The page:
Further, before deciding to go to Vulcan, Kirk tried to explain to the admiral as best he felt he should why he should be allowed to divert to Vulcan. However, it's made clear to him that what's going on at Altair is no ordinary matter. The Federation considers it a critical diplomatic mission. To send one less starship than promised could be seen as a slight that could upset the area, again. The admiral's last words to Kirk are, "You have your orders." McCoy thinks that ends it. You don't disobey orders of the admiralty. But Kirk rationalizes that one less starship at the ceremony is not that vital. So, he is not only disobeying a direct order, he's questioning the need for the order.

    In TSFS Kirk did try to convince Morrow to let him go to the Genesis planet for Spock, but was turned down. His loyalty to Spock overruled the orders just as it did in "Amok Time".

    As far as disabling the Excelsior goes, Kirk had no intention of letting anyone stop him from getting to Spock. Disabling the Excelsior only prevented a situation where it may have had to choice but to fire to disable the Enterprise, or the Enterprise even fires back to try to get away. It could've ended ugly. Comparatively, considering how that could've happened, and considering Spock was alive and safe, it seems defensible.
     
  9. nightwind1

    nightwind1 Commodore Commodore

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    Time travel, wormholes, parallel universes? In Star Trek?

    Why, those would go against everything Trek stands for!



    :rolleyes:
     
  10. BigJake

    BigJake Vice Admiral Admiral

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    ... and the Altair mission was hardly something to be taken lightly, absolutely. It's hardly satisfying to have Kirk defying authority if there aren't stakes, there are always stakes. It's just that in TOS, they're usually set up to be plausibly non-disastrous, whatever the Admiralty was expecting.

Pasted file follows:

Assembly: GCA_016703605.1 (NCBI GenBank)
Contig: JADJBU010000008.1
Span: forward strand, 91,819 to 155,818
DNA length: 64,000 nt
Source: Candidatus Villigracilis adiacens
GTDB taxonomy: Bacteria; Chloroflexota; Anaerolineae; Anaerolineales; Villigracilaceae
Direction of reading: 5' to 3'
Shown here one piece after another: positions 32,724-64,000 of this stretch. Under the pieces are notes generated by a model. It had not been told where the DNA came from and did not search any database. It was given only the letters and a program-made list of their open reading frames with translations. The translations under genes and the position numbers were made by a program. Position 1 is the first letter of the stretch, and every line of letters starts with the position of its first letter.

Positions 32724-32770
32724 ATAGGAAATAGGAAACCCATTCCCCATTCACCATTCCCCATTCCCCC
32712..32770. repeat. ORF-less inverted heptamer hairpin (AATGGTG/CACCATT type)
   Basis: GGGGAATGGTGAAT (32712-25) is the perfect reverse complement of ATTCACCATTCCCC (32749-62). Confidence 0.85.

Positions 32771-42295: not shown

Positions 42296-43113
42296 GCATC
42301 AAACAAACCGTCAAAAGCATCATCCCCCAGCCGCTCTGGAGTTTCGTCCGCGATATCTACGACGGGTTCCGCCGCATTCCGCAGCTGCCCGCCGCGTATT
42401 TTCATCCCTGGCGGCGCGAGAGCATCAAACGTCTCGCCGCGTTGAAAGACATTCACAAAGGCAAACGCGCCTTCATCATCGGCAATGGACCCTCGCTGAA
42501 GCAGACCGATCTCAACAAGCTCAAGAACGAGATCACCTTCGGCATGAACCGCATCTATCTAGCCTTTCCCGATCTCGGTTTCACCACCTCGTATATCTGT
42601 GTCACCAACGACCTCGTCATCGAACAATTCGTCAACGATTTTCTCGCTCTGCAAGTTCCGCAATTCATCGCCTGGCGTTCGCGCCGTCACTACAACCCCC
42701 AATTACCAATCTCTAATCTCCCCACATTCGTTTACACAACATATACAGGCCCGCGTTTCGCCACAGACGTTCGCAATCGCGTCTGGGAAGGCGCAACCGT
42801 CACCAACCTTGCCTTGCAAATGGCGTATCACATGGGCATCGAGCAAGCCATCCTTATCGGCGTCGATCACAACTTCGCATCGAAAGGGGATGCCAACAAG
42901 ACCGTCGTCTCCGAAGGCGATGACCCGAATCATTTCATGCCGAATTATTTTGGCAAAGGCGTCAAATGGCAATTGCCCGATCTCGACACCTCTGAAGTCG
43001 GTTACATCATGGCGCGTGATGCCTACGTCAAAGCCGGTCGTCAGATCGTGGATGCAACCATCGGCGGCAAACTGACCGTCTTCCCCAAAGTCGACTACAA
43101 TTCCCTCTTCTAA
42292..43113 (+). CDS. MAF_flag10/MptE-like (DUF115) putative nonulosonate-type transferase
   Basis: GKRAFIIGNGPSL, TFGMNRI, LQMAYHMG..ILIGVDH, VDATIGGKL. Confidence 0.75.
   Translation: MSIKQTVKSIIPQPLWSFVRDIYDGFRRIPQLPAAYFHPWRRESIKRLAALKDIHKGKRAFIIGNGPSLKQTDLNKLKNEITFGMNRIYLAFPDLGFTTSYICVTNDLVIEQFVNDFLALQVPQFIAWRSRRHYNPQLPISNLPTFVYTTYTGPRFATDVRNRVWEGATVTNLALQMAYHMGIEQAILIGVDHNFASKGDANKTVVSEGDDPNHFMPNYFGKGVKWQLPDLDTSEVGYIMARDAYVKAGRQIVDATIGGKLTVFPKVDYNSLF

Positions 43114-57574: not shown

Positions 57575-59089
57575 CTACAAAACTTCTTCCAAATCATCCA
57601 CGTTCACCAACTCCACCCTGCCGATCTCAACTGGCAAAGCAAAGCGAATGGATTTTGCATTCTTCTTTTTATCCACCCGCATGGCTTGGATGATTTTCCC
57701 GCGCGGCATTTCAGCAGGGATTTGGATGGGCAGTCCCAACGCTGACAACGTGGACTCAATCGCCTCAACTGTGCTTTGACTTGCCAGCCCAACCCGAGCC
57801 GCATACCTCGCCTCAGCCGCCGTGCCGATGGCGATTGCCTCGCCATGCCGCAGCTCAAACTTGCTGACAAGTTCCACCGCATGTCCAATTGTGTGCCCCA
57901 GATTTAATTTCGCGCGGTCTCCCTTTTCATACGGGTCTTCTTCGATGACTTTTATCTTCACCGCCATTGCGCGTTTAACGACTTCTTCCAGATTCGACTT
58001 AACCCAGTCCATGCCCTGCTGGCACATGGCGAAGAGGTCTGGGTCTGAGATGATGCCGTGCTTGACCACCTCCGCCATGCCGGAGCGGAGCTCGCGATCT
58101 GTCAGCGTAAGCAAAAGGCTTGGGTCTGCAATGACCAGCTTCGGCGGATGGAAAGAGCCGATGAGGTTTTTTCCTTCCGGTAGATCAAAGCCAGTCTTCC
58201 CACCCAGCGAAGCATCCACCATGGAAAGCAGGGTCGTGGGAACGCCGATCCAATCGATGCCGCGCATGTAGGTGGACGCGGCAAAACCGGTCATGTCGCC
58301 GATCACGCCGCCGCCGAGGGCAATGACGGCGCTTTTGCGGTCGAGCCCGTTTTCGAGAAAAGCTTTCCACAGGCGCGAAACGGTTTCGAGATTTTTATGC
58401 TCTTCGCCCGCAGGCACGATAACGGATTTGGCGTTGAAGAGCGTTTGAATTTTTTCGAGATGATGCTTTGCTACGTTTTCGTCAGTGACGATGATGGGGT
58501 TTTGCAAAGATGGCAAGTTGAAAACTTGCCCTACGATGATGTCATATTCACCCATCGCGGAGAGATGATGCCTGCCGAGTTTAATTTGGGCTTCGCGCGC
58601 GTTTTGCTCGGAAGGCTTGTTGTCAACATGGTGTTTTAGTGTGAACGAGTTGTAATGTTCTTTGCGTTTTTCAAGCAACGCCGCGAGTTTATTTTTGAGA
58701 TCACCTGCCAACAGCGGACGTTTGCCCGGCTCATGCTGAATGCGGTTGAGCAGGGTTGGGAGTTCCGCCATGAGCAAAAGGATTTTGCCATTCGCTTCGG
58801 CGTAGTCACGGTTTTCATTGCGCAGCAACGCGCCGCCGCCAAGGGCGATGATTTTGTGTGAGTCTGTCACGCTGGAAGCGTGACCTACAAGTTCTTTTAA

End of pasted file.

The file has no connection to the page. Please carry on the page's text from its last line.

(IMO the real violation of this rule isn't "Amok Time," it's "Metamorphosis." Where Kirk entirely fails in his assigned mission but fobs it off by saying "they'll find a woman somewhere to stop that war." Because diplomacy is WimminzBizness, don't you know.)

    And luckily for him, turns out to be right. That's part of the "Kirk getting away with things no real Navy Captain would get away with" bargain.

    Except in this case, he now has (of necessity, as you correctly point out) to actively sabotage an important Starfleet vessel to carry out his plans. Which not Amok Time nor any other TOS instance of "Kirk being a bit of a maverick" required, for good reason.
     
  11. Harbinger

    Harbinger Lieutenant Commander Red Shirt

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    They should have one Star Trek movie where it's just the entire crew sitting around a conference table talking about what to do. Star Trek: Downfall.
     
  12. Opus

    Opus Commodore Commodore

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    Good stuff going on in this thread!

    I too highly recommend Best Destiny. That book changed how I viewed Kirk as Captain and how passionate he was about losing any member of his crew. When a book delves that deep into a character that it literally changes how you view them, that it makes you go back and rewatch those old episodes with a fresh perspective, it's a keeper. It's one of my favorites.